Invasive techniques include chorionic villus sampling (CVS), amniocentesis, and percutaneous umbilical cord blood sampling (PUBS). In general, the invasive techniques are more accurate than the non-invasive techniques but involve greater risks to the pregnancy. Chorionic villus sampling is an accepted and proven method of prenatal diagnosis requiring genetic counseling, including a detailed discussion regarding the risks and benefits of the procedure. During the chorionic villus sampling test, a small sampling of cells (called chorionic villi) are taken from the placenta where attached to the wall of the uterus. The chorionic villus sampling procedure can be performed transvaginally or transabdominally, depending on the location of the placenta. This procedure is performed between 10 and 12 weeks gestation and results are generally available within 7-10 days. Chromosomal problems such as Down's syndrome or other genetic diseases such as cystic fibrosis, Tay-Sachs disease and sickle cell disease can be diagnosed. Chorionic villus sampling does not detect open neural tube defects and therefore maternal serum triple screen testing is generally recommended. Chorionic villus sampling carries approximately a 1% risk of miscarriage. Other complications may include bleeding, cramping, and rarely infection. Chorionic villus sampling may be appropriate for some pregnant women who require early diagnosis and treatment. Genetic amniocentesis is a standard procedure in which a small amount of amniotic fluid is removed from the sac surrounding the fetus. The sample of amniotic fluid is removed through a fine needle inserted into the uterus through the abdomen under ultrasound guidance. Amniocentesis can also detect certain neural tube defects as well as certain types of birth defects such as Down's syndrome and other chromosomal abnormalities. However, not all birth defects can be detected by amniocentesis but in families with the following significant genetic risks, amniocentesis can be used to diagnose sickle cell disease, cystic fibrosis, muscular dystrophy and Tay Sach's Disease.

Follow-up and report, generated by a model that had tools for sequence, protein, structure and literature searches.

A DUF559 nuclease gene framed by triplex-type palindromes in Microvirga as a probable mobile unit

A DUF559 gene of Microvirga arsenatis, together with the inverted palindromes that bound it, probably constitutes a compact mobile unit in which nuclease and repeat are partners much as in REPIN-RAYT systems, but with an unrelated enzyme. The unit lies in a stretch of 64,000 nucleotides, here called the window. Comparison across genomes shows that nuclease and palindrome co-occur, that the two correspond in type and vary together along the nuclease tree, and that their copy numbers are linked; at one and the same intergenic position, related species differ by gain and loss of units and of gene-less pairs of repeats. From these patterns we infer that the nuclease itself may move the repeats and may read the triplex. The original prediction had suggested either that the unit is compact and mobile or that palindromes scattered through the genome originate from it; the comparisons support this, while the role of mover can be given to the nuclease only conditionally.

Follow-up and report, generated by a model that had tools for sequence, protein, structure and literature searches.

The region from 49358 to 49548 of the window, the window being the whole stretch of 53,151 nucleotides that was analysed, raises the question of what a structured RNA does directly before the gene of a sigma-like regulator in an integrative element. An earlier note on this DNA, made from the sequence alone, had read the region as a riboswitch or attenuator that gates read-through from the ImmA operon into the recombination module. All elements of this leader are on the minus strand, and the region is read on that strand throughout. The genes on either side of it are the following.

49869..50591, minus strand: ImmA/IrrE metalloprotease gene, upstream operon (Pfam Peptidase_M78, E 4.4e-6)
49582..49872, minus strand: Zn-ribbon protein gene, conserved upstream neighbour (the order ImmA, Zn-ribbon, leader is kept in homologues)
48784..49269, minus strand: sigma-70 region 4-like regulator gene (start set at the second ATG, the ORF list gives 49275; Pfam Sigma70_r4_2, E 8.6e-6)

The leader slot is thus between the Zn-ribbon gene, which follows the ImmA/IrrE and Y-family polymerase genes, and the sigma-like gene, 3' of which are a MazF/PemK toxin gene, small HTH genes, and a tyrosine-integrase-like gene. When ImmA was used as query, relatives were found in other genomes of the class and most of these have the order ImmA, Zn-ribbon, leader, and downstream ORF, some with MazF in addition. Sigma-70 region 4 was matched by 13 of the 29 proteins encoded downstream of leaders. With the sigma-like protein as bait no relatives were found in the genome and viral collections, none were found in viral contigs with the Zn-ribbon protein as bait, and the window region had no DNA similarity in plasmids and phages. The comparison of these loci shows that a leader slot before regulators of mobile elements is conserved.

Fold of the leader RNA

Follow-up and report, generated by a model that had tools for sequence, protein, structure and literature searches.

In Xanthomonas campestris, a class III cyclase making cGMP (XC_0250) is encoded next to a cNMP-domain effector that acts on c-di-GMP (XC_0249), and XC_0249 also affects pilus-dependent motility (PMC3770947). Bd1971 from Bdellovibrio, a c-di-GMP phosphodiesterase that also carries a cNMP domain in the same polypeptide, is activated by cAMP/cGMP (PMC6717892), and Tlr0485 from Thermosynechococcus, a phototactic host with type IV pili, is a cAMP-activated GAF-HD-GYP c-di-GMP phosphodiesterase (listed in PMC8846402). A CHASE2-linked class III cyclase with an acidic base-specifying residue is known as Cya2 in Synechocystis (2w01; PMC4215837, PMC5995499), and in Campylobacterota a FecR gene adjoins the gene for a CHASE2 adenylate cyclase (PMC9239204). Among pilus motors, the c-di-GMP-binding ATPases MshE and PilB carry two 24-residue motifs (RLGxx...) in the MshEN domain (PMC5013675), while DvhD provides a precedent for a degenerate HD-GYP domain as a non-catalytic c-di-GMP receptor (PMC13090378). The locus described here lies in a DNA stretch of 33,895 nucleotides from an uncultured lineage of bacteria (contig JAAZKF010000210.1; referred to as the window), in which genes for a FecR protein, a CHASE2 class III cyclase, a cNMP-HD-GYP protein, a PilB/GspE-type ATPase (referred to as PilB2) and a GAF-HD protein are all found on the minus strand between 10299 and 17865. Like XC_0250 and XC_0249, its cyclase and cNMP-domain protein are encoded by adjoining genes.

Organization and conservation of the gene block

Percutaneous umbilical cord blood sampling (PUBS) is another technique in which a sample of blood is obtained from the umbilical cord while the fetus is in utero. This procedure is often used for conditions in which rapid diagnosis or management decisions are crucial. Indications for cordiocentesis include Rh disease with red blood cell isoimmunization, fetal hemolytic disease, hemoglobinopothies, coagulation defects, platelet abnormalities, evaluation of fetal acid-base status, rapid karyotype and intrauterine infection such as rubella, toxoplasmosis and cytomegalo virus. Generally, the umbilical cord can be accessed between 20-30 weeks gestation.